Bresha Webb isn’t afraid to shoot her shot when she see’s a window of opportunity … especially when that window is Drake. On Sunday at the Netflix Golden Globes Party, the Marlon actress was feeling good and decided to ask the Canadian crooner for a dance. Unfortunately he wasn’t feeling it.
Detroit actor Algee Smith’s caught all the action on his InstaStory. Drake appears to turn her down nicely though, and Webb of course takes it all in stride … so much so, after the video made it on The ShadeRoom, she posted a series of hilarious videos on her InstaStory explaining exactly what went down.
“Listen, I’m on The Shade Room for asking Drake for a one dance. All I wanted was one dance. It was my favorite song,” she explained on the video. “I could be on The Shade Room For a lot of things. I wasn’t asking for his number. I wasn’t asking to smash. I was in a happy place. I was at the Golden Globes.”
Not phased by Drake’s curve, Bresha concluded, “Judge me if you want, I’m still going to ask whoever the hell I want to dance. I don’t think there’s anything wrong for asking someone for a one dance, especially when they have a song called one dance.”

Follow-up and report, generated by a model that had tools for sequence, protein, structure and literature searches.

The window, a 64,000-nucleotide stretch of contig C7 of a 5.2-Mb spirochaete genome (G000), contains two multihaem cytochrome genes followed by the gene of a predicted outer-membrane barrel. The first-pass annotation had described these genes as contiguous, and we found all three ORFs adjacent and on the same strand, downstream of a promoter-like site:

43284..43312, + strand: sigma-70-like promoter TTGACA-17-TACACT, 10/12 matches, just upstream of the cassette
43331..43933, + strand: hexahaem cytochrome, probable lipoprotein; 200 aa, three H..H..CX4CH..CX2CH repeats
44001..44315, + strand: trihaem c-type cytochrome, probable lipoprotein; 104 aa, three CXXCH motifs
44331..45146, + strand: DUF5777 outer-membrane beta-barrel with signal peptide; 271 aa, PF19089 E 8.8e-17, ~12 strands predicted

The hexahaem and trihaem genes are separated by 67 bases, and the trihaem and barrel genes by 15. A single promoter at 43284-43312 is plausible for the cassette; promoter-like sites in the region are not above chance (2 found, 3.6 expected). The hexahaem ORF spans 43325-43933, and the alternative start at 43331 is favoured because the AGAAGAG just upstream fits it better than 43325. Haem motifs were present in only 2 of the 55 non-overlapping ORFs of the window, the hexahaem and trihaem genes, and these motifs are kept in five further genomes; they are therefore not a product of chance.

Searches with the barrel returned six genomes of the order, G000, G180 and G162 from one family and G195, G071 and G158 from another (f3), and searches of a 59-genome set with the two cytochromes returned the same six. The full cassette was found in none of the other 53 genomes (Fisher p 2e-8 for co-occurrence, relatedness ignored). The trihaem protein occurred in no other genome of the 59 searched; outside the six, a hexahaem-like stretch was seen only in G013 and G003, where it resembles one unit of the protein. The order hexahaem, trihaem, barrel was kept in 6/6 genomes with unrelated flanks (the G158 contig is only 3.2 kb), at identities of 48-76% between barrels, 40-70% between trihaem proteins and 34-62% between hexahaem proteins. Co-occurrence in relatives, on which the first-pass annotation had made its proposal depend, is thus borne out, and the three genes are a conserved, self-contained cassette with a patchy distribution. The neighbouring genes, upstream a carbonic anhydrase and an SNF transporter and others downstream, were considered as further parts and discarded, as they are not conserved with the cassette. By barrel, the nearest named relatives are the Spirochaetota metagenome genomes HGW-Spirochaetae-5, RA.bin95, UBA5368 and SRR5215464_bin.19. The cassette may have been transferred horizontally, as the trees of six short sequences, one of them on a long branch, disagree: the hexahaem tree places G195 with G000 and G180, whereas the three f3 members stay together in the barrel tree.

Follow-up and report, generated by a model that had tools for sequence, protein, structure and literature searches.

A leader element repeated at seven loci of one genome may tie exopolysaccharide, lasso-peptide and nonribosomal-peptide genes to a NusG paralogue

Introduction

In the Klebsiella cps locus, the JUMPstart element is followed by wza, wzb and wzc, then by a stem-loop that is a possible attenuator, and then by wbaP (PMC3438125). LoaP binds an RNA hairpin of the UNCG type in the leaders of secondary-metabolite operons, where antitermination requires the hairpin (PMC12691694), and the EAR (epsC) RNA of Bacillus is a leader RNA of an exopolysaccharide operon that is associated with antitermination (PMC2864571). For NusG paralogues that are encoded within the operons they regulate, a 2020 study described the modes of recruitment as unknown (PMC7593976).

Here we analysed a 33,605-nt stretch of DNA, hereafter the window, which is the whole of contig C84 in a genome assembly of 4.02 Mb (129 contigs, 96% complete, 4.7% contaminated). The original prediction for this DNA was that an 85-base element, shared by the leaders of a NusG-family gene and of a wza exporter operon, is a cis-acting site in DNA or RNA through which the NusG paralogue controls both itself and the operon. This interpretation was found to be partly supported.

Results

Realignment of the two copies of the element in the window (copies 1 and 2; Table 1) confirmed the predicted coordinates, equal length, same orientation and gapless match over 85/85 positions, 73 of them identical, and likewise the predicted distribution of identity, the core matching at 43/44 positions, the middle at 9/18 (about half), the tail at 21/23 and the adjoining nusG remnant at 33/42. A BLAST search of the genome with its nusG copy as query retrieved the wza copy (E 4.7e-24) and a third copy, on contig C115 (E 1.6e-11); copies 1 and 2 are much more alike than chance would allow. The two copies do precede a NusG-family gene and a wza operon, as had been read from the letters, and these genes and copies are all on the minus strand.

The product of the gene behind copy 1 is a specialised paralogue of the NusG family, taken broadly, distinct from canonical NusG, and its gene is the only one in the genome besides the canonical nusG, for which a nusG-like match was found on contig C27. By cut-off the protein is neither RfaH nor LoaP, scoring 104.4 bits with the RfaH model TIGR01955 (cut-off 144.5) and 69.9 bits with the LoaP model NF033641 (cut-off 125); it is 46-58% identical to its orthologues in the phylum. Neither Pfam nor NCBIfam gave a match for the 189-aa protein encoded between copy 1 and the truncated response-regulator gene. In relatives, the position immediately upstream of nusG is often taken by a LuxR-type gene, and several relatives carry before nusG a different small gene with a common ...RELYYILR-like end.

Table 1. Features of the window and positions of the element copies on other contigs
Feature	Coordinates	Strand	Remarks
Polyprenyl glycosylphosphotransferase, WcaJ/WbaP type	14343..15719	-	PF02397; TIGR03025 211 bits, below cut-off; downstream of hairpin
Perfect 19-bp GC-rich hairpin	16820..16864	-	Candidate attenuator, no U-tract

She also joked that her life is a walking sitcom, and told Smith she expects some flowers for putting her on blast. We agree … and for the record Bresha we ain’t mad at you. We would have done the same thing.
Netflix’s ‘Step Sisters’ Is ‘Bring It On’ … But Way More Woke!
Netflix is getting ready to “Bring It On” … in more ways than one. The streaming service’s new flick Step Sisters is reminiscent of the 90s dance film, but delves deeper into racial themes like cultural appropriation, tokenization and interracial dating.
In the film Megalyn Echikunwoke (Arrow) plays the president of a black sorority who is tasked with teaching one of the campus’ white sororities how to step for a charity competition. At first glimpse the film seems to be stepping into a can of worms — and had folks on Twitter up in arms, but the creators and cast told HipHollywood it isn’t about cultural appropriation but instead cultural exchange.
“There’s a strong political message, and there’s a lot of racial content,” said Nia Jervier. “But I think that the pill that may be difficult to swallow is dipped in honey, because it’s funny.”
What also helps is that producer/writers like Lena Waithe (Masters of None), Chuck Hayward (Dear White People) and Ben Cory Jones (Underground) are behind the project – so you know it’s woke.
“At the end of the day, Jamila the lead character in our minds she’s reaching over to show them a part of our culture. It doesn’t dilute our culture,” said Jones. ” And I love that we can take stepping and evolve that into issues of race and culture.”
Step Sisters begins streaming on Netflix January 20th.
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